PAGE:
Emily Cortes-Rendini


Associate Professional Counselor


Associate Professional Counselor – GA# APC008153

Master of Science, Clinical Mental Health Counseling – Mercer University

Bachelor of Science, Psychology – Kennesaw State University

EMDR Trained


Individuals/Couples/Teens (17+)


Trauma/Complex Trauma/EMDR Therapy

Life transitions/Grief and loss



Emily believes in holistic care and incorporating the body into the therapeutic process. She is passionate about meeting clients where they are and providing a space where clients feel seen, heard, and safe to lean into the healing journey. Emily serves adults and adolescents experiencing trauma/PTSD/CPTSD, perfectionism, anxiety, depression, and chronic stress. She uses cognitive and somatic approaches with psychodynamic theory and polyvagal theory, as well as parts work and EMDR processing. Emily strives to help clients gain insight, self-compassion, empowerment, authenticity, and actionable tools to move toward change and fulfillment.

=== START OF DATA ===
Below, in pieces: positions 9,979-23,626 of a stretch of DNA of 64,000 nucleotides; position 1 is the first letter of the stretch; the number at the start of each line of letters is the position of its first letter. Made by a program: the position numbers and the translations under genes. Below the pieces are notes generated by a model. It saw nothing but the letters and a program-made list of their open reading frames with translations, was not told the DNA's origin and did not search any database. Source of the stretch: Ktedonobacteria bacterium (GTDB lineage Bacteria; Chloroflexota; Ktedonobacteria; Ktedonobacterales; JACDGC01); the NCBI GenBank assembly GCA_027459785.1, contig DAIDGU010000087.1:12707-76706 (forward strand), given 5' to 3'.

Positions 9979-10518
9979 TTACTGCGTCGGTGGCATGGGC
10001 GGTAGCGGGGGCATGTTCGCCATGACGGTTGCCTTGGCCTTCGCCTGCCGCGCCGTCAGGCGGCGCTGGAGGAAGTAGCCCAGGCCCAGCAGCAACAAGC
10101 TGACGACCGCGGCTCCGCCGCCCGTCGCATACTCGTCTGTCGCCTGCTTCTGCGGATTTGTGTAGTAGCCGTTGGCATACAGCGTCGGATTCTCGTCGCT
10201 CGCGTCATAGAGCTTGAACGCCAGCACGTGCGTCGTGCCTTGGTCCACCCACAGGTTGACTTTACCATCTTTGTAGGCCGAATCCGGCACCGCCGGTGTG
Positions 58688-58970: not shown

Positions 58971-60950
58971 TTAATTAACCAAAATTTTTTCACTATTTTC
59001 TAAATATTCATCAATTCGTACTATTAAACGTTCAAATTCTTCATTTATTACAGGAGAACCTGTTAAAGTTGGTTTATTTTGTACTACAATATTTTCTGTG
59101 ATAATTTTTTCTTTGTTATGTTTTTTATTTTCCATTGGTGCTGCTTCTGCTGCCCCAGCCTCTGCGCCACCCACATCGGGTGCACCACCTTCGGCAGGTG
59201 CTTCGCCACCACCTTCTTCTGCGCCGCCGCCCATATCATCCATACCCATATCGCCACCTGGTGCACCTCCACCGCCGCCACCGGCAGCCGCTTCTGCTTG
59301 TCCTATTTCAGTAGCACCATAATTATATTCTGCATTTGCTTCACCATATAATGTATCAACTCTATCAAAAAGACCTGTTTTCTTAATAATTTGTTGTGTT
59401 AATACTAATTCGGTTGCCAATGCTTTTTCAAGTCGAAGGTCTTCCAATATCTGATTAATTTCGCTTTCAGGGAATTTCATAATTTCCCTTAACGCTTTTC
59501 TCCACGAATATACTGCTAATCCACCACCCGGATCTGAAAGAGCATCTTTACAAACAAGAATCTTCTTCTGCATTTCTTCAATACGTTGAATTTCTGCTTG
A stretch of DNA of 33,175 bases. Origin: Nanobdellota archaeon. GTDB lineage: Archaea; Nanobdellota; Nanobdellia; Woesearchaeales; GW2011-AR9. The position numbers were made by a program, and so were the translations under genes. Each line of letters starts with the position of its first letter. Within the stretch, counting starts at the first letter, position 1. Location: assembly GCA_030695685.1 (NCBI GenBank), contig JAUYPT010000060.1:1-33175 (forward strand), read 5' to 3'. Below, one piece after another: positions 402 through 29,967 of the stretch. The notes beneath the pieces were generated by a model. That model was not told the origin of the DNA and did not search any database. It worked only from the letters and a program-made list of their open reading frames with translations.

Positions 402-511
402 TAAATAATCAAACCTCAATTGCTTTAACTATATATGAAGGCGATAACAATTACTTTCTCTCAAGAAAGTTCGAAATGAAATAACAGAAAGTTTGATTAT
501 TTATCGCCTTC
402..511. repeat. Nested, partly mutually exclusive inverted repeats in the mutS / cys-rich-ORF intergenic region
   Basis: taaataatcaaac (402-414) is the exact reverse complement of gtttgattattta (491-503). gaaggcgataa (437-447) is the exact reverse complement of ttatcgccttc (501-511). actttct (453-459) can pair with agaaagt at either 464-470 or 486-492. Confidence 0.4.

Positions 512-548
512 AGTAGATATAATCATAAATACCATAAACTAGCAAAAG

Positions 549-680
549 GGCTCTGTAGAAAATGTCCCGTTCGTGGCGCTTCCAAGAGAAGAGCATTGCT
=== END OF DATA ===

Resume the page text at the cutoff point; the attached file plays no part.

As an Associate Professional Counselor, Emily is practicing under the direction of Sarah Howell Valeriay, LPC (GA# LPC010857) and supervision of Amy Robbins, LPC, CPCS (GA# LPC003834). Amy Robbins can be reached at 706-406-3404. In Emily’s free time, she enjoys spending time with her husband and dog, reading, going to concerts, and lifting weights.


Polyvagal theory was developed by neuroscientist and psychiatrist Dr. Stephen Porges and tells us our nervous system will influence not just the classic fight, flight, and freeze responses, but our ability to engage socially with others, feel safe, and return to a balanced state after experiencing threats or triggers. What does this mean for mental health? Chronic stress, sleep deprivation, and traumatic experiences all narrow our “window of tolerance” for distress, leading us to feel chronically on edge, overwhelmed, anxious, depressed, numb, or afraid of failure or making mistakes. This may give rise to perfectionism, doom scrolling, trying to please everyone around us while ignoring our own needs, disordered eating, self-harm, or other self-sabotaging behaviors.

But there is hope! The body and mind retain stress and trauma we’ve experienced, but we can establish safety, recalibrate the nervous system, and expand our “window of tolerance” through gentle practices. We can go from survival mode to living and thriving; doing this work with a counselor means we are not alone on the journey.